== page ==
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Zero Runtime Exceptions in Production with Elm

At QCon London 2017, Richard Feldman, software engineer at noredink and author of “Elm in Action” from Manning, explained how their decision to switch to Elm led to a 100,000 LOC system running in production with zero runtime exceptions since 2015. Here, we provide a brief summary of Feldman’s key points.

Elm is a purely functional programming language that compiles to JavaScript and fosters the use of immutable data and static typing for the creation of browser-based apps. Feldman recounts how they went full-scale with Elm after using it in smaller side-projects. In particular, after completing a few months long project using React, he realized that:

It would have taken so much less time to do this in Elm that in fact it would have more than accounted for the amount of time it would have taken us to ramp people up and to introduce this new technology to our stack and the end result would have been easier to maintain.

Feldman identifies a number of key factors that account for the increased productivity and reliability of using Elm:

  • Ellie, the Elm Live Editor, is a sort of advanced REPL for Elm, providing a rich interface when you can write, compile, and render your Elm code.
  • Elm does not incur the “one billion dollar mistake” of allowing null values to freely propagate through your system, and requires you to explicitly deal with them using Maybe values.
  • Elm enforces the use of a single immutable value to represent the state of the whole UI. No state is associated to individual components, as it happens in React, although the model need not be a monolithic value. Using the model, Elm assembles a Virtual DOM, which is then diff-ed with the actual DOM, so only the relevant changes are applied. This approach, which is also found in React, is able to preserve performance, while granting the simplicity of dealing with immutable values.
  • One huge benefit of representing the UI state as a single immutable value is the possibility of handling a sequence of UI changes through the sequence of immutable values associated to them. When compiled in debug mode, Elm allows to navigate through older UI states by simply clicking the corresponding model value. Additionally, it is possible to export a set of those values so other developers can immediately reproduce faulty UI states and how they were generated.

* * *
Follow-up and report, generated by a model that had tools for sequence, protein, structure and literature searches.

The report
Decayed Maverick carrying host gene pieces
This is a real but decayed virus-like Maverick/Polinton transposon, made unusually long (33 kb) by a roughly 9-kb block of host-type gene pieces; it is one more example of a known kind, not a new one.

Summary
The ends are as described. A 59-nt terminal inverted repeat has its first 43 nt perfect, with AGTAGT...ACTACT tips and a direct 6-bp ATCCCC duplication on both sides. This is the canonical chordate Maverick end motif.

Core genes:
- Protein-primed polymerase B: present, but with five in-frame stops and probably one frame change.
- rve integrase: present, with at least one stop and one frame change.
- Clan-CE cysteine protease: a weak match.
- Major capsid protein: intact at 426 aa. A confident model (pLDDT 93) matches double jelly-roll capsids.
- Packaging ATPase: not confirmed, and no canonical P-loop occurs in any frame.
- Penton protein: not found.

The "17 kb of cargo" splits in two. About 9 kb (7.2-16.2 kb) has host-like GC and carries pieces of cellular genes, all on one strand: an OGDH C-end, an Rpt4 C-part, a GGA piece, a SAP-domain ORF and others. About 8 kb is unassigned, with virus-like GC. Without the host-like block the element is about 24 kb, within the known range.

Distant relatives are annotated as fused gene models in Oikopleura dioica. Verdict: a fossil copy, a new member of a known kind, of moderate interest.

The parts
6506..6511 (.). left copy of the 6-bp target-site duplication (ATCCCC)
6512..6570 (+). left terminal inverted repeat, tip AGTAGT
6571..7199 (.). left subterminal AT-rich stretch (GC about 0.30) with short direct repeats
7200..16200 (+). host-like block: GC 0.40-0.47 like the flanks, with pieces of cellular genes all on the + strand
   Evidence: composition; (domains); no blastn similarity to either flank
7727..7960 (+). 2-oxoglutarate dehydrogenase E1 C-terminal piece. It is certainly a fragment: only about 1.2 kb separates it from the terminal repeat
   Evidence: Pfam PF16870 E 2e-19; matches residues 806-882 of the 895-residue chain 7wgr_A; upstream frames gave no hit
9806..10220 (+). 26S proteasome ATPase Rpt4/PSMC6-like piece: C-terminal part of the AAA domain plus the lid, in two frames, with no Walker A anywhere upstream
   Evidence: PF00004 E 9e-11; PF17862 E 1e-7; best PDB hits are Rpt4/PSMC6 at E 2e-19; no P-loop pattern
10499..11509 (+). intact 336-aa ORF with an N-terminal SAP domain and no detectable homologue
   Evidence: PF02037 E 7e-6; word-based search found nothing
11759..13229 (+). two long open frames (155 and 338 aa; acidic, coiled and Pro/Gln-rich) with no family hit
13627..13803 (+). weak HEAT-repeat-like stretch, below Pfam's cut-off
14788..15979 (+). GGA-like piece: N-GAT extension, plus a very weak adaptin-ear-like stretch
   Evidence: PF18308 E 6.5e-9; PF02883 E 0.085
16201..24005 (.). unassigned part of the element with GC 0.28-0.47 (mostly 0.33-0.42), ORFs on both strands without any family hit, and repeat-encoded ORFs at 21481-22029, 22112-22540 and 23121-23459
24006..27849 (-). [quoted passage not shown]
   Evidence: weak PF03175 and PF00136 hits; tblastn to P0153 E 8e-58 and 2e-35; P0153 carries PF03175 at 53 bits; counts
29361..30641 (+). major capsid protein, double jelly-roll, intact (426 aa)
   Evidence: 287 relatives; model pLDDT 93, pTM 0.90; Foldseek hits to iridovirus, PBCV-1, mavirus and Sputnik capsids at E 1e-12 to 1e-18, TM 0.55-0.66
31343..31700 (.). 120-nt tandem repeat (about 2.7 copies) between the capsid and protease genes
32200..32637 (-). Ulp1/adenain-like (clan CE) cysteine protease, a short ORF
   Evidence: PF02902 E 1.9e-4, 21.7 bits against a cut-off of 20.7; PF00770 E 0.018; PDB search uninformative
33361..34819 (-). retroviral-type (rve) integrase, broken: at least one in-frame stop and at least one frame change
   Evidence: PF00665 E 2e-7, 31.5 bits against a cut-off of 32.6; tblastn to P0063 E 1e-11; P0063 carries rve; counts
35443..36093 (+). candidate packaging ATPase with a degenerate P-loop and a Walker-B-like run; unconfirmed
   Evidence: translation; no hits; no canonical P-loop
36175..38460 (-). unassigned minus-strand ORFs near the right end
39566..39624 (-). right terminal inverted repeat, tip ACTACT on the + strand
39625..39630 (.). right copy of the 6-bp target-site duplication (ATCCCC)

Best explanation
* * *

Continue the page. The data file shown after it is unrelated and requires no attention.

• Being statically type-checked is a big selling point for Elm, according to Feldman, making it almost always true that “if it compiles, it works”.
  • A major factor behind Elm reliability is the way it handles JavaScript interoperability. Contrary to most of other languages compiling to JavaScript, indeed, Elm enforces a message-based approach, where JavaScript code runs inside a service. This ensures that the guarantees provided by static typing are not broken by untyped JavaScript code.
  • Finally, the Elm package manager, while not so extensive as npm, has its own strengths. In particular, it only allows packages to contain Elm code – specifically, no binaries are allowed, which makes it much more secure than npm. Additionally, it only allows packages that build correctly and automatically enforces semantic versioning.

Overall, Feldman says, JavaScript has proven to be quicker to get something on the screen, while Elm ensures higher overall development velocity.

A final remark concerns one of the usual objections to using a language like Elm, i.e., the difficulty of finding developer to hire. In reality, Feldman says, using Elm gave noredink a twofold advantage: on the one hand, it made their job posts stand out; on the other, it attracted developers that were specifically interested in learning Elm.

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